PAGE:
Metals: Buoyed by rising prices

Aggregate data for top metal producing firms show sales rose 7% sequentially, while operating profit rose 43% despite a 14.6% increase in raw material costs


Global metal prices were on fire in November, a welcome distraction that may explain why the metal index is only marginally lower compared with its pre-demonetisation levels. Photo: Bloomberg
Global metal prices were on fire in November, a welcome distraction that may explain why the metal index is only marginally lower compared with its pre-demonetisation levels. Photo: Bloomberg

The good run continued for Indian metal firms in the September quarter as rising output, firm price trends and measures to protect domestic steel-makers from imports saw their performance improve.

That saw the BSE Metal index end the September quarter with a 14% gain from the start; it has since then gained another 4%.

Demonetisation and its impact on the economy, especially on the real estate sector and as a result on demand for metals, has investors worried.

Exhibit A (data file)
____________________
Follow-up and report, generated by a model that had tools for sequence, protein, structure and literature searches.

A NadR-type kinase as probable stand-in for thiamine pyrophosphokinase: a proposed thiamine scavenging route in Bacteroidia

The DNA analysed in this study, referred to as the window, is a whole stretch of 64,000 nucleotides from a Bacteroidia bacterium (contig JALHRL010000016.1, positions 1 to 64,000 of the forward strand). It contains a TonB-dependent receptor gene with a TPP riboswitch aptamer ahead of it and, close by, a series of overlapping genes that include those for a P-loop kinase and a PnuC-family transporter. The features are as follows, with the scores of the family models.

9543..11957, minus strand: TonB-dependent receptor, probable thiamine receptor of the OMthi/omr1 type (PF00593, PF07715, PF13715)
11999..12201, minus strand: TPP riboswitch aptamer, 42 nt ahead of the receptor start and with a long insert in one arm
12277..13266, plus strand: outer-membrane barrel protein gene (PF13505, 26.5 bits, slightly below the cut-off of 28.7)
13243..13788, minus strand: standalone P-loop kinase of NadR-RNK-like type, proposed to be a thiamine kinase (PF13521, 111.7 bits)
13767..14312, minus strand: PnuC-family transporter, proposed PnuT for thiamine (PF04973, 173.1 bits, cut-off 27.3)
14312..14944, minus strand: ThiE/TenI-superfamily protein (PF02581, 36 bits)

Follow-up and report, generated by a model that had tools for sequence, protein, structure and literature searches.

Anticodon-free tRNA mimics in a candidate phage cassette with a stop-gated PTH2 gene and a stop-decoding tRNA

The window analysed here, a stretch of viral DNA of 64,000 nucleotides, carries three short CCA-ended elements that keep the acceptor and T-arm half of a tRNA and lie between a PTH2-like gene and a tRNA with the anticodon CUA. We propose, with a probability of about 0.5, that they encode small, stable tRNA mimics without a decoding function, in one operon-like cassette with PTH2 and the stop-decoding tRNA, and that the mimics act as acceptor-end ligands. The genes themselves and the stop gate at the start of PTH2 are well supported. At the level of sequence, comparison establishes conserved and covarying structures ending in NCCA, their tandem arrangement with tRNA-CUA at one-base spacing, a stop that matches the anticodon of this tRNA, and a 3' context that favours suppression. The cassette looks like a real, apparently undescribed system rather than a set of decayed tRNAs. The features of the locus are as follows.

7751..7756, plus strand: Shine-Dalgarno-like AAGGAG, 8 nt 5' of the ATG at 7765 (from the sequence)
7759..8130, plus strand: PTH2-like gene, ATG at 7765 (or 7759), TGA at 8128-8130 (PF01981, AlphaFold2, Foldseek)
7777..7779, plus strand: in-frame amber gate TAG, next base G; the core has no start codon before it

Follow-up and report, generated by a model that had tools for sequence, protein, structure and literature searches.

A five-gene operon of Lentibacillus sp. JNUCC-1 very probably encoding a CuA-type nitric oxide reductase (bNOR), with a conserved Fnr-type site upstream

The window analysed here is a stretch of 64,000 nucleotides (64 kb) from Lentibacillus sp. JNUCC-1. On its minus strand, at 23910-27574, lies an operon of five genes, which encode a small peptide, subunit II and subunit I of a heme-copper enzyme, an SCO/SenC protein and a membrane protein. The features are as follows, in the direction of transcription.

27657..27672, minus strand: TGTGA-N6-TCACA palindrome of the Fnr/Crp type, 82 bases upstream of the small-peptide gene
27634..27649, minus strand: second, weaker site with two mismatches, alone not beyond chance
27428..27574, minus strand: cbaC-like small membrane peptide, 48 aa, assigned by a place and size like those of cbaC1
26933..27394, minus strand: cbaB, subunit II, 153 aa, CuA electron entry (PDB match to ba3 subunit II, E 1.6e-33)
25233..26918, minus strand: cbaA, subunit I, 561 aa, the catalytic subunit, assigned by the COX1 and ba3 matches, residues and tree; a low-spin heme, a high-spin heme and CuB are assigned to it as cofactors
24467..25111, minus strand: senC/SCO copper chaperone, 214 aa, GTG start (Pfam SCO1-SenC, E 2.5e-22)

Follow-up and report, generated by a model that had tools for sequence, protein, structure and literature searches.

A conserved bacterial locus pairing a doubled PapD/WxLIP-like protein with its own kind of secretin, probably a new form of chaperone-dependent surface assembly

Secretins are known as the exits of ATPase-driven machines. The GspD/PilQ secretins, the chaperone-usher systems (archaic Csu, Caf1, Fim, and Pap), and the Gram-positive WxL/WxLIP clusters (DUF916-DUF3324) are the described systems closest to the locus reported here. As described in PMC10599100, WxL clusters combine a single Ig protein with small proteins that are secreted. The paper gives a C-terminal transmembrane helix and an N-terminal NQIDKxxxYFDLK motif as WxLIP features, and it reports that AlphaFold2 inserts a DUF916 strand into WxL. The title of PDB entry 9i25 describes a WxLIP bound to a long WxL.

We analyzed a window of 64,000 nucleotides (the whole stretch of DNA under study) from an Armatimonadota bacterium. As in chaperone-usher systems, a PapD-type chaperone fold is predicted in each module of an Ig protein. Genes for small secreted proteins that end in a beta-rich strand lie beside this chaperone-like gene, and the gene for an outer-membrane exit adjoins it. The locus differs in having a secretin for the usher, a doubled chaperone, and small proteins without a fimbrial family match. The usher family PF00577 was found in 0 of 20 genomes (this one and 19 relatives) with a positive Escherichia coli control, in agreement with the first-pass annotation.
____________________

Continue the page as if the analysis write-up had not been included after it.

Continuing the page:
Aggregate data for top metal producing firms show sales rose 7% sequentially, while operating profit rose 43%. This is despite a 14.6% increase in raw material costs. Where firms managed to rein in expenses were on staff, energy and other costs. But better price realizations were what stood out.

On the non-ferrous front, zinc led the way with a 10.5% gain over the preceding quarter, coming on the back of a 12.8% gain in the June quarter. Aluminium held on to the gains of 7.9% made in the June quarter. Copper prices stayed soft, however, although its fortunes have turned in the current quarter.

On the ferrous side, rising prices of iron ore and coking coal have lent support to steel realizations, too. Steel firms benefited from the minimum import price as imports declined. Even then, as new capacity has begun to ramp up, steel firms had to export to sell surplus output. Domestic demand is better but is still relatively low.

In the current quarter, the good news on the realization front continues, although the extent varies depending on the metal.

The big question mark in the next few quarters is the impact demonetisation will have.

Global metal prices were on fire in November, a welcome distraction that may explain why the metal index is only marginally lower compared with its pre-demonetisation levels.

If metal prices continue to increase, producers can probably withstand the short-term adverse effects.

If demonetisation’s effects last for over a year, the sector may feel the pressure from slowing demand. Any shocks to the Chinese economy are another major risk for metal prices.

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